Arc-light: - a high intensity source in which light is produced by discharge of electricity between two electrodes.

Available light:  a term used for shooting without film lighting, using only the light available in the natural surroundings.

Back-light: lighting an object from behind.

Barn-door: the metal shields hinged in front of a lamp to limit /shape the light it produces.

Bounce lighting: a technique in which light is directed on to a reflective surface, producing a softer, more shadow less effect.

Brutes: a type of arc light producing a high intensity spot.

Color temperature: the measurements of light’s color quality on the Kelvin scale.

Contrast: the difference in intensity between the darkest and brightest parts of the scene to be photographed.

Cross-lighting: lighting which comes from the side of the scene.

Eye-light:  a small, hard light source placed close to the camera, used to pick out an actor’s eyes.

Fill light: secondary lighting used to reveal more detail in shadow areas of the image; also reduces overall contrast.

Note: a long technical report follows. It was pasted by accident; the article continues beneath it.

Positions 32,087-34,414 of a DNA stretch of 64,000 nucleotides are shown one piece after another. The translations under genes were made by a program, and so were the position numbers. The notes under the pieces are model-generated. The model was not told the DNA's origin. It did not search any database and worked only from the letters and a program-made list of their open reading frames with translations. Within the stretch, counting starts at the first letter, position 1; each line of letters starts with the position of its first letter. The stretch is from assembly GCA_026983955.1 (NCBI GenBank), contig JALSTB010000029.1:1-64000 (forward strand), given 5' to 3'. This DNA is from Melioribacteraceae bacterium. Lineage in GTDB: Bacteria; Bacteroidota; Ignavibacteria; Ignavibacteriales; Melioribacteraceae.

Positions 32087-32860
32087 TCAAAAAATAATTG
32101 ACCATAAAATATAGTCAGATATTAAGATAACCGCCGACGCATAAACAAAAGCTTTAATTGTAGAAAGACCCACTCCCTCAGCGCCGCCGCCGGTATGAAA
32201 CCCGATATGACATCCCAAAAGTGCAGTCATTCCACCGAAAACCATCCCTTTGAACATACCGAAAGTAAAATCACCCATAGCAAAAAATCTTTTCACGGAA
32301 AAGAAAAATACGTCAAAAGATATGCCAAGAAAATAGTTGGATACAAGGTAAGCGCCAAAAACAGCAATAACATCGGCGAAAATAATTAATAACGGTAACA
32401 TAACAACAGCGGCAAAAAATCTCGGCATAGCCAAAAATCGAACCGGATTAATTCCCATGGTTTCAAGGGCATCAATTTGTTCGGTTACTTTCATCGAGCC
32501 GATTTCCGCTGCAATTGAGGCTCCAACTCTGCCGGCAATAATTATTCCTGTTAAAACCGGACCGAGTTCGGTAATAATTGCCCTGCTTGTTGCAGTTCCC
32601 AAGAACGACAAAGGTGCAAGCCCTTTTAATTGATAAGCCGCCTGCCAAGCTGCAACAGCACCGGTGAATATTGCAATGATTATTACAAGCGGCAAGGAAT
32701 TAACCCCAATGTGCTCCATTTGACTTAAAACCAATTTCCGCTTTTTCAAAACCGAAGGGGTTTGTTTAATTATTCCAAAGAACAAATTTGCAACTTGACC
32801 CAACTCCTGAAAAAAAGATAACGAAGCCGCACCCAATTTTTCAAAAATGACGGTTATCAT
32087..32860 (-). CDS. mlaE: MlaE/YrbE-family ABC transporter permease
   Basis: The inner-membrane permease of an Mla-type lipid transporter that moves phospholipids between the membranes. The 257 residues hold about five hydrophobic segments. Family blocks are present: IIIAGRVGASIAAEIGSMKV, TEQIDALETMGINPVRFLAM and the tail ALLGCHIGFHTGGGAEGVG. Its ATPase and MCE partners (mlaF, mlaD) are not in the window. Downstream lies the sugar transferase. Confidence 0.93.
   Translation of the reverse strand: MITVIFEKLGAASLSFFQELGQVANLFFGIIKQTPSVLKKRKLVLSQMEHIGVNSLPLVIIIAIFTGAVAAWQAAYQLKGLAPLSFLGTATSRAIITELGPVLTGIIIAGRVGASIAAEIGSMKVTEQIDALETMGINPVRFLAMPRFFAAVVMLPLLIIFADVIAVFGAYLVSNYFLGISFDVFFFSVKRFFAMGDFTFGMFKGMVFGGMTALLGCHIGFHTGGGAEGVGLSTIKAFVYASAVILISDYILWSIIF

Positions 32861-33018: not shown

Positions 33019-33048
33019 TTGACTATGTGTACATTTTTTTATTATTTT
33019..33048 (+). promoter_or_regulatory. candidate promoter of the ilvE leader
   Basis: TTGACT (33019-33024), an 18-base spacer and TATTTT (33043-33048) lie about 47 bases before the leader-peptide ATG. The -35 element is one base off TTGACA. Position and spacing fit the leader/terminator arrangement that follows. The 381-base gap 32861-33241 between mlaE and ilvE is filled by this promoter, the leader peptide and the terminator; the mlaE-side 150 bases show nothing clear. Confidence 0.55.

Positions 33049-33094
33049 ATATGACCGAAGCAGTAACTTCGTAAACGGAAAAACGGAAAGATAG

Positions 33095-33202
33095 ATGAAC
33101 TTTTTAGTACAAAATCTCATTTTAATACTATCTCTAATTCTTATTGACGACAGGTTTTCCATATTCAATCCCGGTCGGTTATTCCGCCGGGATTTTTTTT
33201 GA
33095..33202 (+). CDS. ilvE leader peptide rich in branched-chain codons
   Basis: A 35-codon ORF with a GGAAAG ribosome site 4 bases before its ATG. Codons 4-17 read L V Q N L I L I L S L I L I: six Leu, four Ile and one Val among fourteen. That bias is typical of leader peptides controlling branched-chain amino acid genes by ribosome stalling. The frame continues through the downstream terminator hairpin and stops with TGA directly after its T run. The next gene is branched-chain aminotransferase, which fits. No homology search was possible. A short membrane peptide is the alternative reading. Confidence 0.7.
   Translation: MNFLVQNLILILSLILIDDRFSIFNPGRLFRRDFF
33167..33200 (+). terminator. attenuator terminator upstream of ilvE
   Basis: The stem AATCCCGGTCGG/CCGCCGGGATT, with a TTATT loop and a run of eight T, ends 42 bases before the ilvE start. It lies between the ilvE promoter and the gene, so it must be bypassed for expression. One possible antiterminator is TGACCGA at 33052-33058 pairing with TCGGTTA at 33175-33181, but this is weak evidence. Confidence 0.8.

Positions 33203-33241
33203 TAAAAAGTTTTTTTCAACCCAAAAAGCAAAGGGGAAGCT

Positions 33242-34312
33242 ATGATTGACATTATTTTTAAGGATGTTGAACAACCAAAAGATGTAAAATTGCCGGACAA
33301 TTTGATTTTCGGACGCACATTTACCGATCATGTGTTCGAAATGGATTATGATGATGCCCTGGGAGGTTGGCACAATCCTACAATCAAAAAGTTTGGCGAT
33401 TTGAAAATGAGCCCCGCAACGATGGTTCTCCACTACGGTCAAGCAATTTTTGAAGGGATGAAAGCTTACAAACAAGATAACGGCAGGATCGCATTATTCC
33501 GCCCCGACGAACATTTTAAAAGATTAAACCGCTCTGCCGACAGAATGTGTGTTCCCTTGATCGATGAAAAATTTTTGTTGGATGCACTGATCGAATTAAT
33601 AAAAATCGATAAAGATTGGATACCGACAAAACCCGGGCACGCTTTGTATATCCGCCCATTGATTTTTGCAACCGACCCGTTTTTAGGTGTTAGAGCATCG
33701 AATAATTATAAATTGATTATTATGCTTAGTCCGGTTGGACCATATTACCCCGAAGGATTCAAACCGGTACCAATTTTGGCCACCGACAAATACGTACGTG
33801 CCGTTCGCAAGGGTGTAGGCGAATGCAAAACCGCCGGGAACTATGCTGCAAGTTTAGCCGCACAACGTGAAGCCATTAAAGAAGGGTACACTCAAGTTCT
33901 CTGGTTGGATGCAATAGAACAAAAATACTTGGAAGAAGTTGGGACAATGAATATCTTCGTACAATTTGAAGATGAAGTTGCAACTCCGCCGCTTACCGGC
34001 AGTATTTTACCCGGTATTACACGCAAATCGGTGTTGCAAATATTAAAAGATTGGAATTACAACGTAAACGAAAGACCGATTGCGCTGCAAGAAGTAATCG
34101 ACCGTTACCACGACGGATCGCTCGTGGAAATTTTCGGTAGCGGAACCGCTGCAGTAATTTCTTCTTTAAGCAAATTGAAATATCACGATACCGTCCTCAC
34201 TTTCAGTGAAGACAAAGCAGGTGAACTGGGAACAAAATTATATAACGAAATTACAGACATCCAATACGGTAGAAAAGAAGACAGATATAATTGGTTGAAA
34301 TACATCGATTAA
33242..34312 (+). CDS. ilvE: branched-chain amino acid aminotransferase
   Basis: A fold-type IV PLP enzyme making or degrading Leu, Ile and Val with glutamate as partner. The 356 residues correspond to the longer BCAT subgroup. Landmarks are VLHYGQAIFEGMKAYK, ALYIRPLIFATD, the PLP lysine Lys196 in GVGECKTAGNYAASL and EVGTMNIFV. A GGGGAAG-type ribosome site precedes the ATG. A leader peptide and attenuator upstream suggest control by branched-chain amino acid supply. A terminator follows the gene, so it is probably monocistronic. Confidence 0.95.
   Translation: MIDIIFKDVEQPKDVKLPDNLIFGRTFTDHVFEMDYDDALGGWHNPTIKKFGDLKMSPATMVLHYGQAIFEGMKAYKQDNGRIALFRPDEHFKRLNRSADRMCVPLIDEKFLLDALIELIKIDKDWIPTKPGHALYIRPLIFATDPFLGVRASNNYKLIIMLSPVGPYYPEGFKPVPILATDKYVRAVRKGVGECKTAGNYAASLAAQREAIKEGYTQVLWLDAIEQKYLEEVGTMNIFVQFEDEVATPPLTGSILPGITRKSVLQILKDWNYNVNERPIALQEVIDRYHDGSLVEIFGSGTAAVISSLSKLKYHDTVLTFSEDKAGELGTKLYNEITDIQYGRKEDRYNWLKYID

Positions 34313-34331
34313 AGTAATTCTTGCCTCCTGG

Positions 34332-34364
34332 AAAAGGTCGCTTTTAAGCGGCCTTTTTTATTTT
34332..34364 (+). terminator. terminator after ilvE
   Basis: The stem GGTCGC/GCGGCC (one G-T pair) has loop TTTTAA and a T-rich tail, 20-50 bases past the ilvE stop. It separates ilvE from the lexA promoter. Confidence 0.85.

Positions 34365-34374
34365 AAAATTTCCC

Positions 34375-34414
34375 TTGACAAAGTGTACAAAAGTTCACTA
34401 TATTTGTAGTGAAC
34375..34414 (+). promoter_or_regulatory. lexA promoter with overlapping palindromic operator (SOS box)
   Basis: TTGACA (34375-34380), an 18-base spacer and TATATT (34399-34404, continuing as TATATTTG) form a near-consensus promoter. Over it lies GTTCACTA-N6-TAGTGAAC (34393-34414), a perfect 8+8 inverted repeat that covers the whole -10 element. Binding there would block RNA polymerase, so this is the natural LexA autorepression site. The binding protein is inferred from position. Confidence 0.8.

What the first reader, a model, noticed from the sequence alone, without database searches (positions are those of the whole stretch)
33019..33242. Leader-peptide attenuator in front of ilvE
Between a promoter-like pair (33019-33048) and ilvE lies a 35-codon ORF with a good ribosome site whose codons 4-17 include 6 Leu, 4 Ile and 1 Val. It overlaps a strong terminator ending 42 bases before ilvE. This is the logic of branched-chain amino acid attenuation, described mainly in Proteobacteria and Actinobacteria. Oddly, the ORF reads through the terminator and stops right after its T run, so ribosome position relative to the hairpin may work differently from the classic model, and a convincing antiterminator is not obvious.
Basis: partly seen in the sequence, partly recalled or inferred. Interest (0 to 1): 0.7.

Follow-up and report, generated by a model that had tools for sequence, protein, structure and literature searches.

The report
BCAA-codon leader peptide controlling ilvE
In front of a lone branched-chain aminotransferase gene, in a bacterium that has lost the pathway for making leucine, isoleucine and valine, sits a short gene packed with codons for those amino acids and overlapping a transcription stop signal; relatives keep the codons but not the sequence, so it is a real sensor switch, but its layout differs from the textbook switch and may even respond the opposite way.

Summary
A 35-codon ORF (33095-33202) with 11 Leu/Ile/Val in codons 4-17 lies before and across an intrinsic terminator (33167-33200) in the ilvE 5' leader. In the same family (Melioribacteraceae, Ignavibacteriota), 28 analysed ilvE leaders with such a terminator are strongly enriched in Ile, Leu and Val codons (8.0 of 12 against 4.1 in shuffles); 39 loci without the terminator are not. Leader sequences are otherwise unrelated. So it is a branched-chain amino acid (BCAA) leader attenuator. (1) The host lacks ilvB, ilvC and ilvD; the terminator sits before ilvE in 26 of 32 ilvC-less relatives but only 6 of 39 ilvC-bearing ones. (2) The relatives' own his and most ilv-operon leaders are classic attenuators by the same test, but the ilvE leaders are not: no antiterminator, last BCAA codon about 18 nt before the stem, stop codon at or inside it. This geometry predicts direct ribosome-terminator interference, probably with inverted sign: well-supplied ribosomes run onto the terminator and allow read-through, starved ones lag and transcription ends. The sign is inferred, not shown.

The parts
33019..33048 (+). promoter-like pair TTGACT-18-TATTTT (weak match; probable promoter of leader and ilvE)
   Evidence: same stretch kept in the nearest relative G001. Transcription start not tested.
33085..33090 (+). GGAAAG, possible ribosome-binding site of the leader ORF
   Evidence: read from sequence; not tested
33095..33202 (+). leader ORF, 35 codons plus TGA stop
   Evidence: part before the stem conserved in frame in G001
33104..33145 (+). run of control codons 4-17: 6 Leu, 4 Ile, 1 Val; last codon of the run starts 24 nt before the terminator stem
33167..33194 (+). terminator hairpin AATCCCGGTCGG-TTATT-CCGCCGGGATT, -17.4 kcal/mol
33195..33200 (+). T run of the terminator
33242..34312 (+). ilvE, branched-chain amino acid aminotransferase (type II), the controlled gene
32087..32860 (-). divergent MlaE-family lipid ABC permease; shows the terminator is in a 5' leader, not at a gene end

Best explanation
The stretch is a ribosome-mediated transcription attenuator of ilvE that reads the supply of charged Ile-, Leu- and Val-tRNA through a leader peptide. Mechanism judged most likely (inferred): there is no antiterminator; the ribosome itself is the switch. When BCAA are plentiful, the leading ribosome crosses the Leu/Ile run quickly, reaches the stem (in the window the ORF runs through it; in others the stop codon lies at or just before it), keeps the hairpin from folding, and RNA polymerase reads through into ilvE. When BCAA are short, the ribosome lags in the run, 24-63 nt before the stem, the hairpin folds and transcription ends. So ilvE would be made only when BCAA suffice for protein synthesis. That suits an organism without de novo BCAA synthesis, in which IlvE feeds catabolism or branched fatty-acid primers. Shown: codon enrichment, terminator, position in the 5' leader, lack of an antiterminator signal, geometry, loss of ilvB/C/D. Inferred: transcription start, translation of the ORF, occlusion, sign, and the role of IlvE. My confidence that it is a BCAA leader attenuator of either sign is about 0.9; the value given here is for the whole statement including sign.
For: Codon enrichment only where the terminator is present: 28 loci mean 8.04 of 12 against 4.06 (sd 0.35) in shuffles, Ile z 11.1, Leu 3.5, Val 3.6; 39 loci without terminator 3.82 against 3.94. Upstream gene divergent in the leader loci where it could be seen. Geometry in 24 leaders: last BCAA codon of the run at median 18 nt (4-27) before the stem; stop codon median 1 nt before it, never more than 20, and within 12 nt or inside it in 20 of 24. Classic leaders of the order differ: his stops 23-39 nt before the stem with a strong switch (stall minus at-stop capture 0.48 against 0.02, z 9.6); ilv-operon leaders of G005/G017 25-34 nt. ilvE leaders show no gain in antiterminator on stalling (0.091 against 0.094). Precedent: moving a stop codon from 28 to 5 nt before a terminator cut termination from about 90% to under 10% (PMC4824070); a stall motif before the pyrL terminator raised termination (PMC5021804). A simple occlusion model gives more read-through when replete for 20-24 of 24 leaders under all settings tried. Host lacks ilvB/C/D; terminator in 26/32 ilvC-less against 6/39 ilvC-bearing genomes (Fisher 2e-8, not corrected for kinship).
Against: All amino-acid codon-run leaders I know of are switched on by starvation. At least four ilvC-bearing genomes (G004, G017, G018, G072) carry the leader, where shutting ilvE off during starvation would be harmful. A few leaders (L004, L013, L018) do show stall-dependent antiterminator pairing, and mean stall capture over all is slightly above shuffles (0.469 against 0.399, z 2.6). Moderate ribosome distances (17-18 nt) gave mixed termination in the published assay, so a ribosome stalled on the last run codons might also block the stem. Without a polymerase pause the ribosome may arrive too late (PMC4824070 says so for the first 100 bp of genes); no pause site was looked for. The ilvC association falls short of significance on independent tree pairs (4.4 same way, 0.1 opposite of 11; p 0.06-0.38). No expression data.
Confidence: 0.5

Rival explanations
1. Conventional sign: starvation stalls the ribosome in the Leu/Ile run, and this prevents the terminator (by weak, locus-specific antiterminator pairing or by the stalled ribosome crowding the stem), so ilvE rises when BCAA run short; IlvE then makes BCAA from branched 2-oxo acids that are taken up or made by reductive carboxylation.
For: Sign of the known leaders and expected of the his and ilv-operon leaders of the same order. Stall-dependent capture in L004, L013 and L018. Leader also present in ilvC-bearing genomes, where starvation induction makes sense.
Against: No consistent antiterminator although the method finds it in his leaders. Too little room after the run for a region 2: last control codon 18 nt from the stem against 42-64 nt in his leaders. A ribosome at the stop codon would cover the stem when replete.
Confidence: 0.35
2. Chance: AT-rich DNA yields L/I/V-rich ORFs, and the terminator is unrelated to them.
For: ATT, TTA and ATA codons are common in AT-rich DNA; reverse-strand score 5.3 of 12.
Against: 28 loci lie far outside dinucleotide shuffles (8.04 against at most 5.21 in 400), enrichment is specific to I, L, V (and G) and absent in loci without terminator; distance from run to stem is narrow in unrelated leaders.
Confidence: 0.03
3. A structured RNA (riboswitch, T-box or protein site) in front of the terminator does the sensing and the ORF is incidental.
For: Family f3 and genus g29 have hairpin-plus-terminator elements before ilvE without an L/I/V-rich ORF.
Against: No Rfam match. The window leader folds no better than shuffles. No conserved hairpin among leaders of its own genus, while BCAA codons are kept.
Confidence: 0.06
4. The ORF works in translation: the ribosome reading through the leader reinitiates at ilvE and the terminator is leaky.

Flag:  used to shield unwanted light from the lens, or to create shadows. When perforated, it creates shadow patterns and dappled light effects.

Gel: a transparent filter placed in front of a light; different coloured gels can act as colour correction for daylight or tungsten; gels can also be used to colour the light for aesthetics effects.

High-key lighting: lighting which gives an overall brightness to the image, obtained, for example by a soft, diffused light source.

HMI: daylight coloured lights.

Inky-dink: a small incandescent light source.

Key light: the principal light source used to illuminate a scene.

Kicker: this serves a similar function to backlight, placed in a three-quarter-back position at a low angle behind the subject.

Low key lighting: describes a scene usually lit by one principal light source which casts shadows and only partially illuminates the whole image.

Reflectors: a light reflective surface, used chiefly for redirecting sunlight on to the scene in order to fill in shadows.

Rim-light: a form of back light placed so that the edges of a subject are framed by light.  Used to separate the subject from the background.

Scrim: fabric placed on a light to diffuse its intensity.

Soft light: open reflector lights that produce soft and shadow less light.

Source light: refers to light which is intended to came from a source in the image , a window, or a practical light source in the interior such as a table lamp.

Space light: used to provide a very big source of light. A number of space lights are often rigged at ten feet intervals to provide fill lighting over very large interior sets.